Client segmentation for financial advisors
Client segmentation can dramatically enhance an RIA’s efficiency, profitability, growth and client satisfaction.
In this first of a three-part series, I examine why firms should consider segmenting clients into different tiers and how to implement this discipline. In part two, I will explore the criteria used to segment clients and how the practice can broaden an RIA’s target market. And part three will include the challenges the practice poses and some practical Dos and Don’ts for optimal execution.
Why should advisors consider client segmentation?
Client segmentation divides clients into different tiers, established by a set of criteria that best matches the extent of services offered with the client’s value to the firm.
A recent Fidelity Investments research study, “Segment for Success,” found that firms that segment their client base had more assets under management, growth in AUM and many clients with $1 million or more than those firms that didn’t segment.
“Segmenting provides an objective measure of how to profitably serve clients, regardless of size or revenue model,” says Lisa Crafford, vice president, platform strategy and consulting for advisor solutions at BNY Mellon’s Pershing. “It also allows firms to stay ahead of talent needs, such as when and who to hire, by tracking growth and understanding how many hours it takes to serve each segment.”
A better understanding of client economics is another key benefit of segmenting, according to Eliza DePardo, the co-founder and former director of the consulting and research firm FA Insights.
“Understanding how client type contributes to your firm’s financial performance is a critical factor in helping to shape a client base over the years ahead,” says DePardo, who now heads her own consulting firm. “It’s also a foundational step to support the right mix of services and pricing by segment to ensure profitability.”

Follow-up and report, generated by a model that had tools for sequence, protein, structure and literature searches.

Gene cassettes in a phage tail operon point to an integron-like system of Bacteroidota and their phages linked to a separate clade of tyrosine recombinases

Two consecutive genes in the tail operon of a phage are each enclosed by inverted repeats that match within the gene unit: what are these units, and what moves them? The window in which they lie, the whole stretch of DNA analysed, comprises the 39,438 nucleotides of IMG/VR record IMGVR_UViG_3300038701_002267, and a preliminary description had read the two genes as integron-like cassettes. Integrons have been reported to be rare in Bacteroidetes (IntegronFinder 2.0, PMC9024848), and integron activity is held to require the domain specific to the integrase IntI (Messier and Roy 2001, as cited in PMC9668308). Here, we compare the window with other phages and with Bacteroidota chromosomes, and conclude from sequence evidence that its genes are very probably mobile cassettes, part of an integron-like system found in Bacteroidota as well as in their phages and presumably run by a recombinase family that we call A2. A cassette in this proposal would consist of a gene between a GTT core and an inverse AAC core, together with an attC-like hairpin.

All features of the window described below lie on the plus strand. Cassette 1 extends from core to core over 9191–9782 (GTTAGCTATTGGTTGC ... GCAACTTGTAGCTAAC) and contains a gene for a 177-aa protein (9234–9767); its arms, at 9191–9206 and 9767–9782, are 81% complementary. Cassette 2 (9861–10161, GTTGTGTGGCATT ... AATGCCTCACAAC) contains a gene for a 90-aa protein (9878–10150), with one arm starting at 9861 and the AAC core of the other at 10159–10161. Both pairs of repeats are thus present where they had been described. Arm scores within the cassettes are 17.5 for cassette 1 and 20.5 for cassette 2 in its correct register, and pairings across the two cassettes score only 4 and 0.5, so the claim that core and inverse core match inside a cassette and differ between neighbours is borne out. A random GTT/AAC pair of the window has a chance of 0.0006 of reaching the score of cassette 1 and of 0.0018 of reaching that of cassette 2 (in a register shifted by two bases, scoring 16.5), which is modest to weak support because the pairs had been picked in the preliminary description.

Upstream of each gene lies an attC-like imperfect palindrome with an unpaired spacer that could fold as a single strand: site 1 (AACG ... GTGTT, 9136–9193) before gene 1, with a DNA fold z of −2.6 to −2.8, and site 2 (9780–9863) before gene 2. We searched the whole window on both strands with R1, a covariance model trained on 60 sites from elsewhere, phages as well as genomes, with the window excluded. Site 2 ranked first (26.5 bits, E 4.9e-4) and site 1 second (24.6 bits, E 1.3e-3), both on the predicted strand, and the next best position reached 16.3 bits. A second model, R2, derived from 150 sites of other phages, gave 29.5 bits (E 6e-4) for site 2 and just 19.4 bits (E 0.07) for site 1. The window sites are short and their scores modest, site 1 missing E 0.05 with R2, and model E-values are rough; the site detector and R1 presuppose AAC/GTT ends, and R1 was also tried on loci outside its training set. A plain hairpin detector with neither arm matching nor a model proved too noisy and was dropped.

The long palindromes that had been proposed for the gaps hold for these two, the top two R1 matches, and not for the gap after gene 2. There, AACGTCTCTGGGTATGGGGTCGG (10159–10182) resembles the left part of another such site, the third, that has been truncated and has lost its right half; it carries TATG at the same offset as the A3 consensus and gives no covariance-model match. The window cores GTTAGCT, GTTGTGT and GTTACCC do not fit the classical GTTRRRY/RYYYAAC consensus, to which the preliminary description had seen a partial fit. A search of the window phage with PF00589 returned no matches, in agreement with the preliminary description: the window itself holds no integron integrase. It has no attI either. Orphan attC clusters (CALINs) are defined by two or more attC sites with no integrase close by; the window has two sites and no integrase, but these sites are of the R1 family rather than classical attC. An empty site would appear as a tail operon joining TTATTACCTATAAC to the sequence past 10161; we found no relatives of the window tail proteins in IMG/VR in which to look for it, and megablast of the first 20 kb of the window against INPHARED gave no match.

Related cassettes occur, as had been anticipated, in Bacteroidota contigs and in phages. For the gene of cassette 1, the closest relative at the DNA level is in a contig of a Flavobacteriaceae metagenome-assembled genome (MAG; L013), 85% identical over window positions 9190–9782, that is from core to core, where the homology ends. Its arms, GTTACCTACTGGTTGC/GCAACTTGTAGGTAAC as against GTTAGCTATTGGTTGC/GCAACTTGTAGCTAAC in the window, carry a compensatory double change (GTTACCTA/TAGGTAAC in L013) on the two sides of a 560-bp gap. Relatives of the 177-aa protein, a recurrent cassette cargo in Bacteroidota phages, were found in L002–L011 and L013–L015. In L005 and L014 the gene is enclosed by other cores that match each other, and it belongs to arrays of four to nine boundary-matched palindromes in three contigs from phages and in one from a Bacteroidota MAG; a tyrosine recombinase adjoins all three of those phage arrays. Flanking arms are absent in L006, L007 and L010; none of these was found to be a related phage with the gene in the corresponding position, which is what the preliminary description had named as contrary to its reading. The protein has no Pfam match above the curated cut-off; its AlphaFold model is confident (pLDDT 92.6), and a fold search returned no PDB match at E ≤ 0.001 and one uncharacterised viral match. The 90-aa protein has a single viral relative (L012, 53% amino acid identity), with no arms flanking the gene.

What’s more, segmentation can help sharpen a niche market strategy, she says. “You have a better understanding of how profitable your niche market is and can better allocate resources to the markets that have the greatest potential.”
Indeed, the 2020 FA Insight Growth by Design study showed that firms that can adhere to their niche market strategy (50% or more clients met target market criteria) achieved a greater operating profit margin and growth rate than those that didn’t.
Segmenting has helped High Note Wealth in suburban Minneapolis by identifying where the firm is profitable and who it should prospecting to, says Michael Forrester, president and CIO of the RIA. “You also see what you are giving and to who. Based on the value of the relationship, you can see if you are overdoing it or under doing it.”
Identifying the most appropriate client groups also helps firms better customize their service offering to give clients a more personalized experience, a key competitive differentiator.
How are RIAs implementing client segmentation?
Advisors need to define their ideal client and spend time and resources on finding the clients who fit that profile and match services with client needs to align with the value they provide the firm.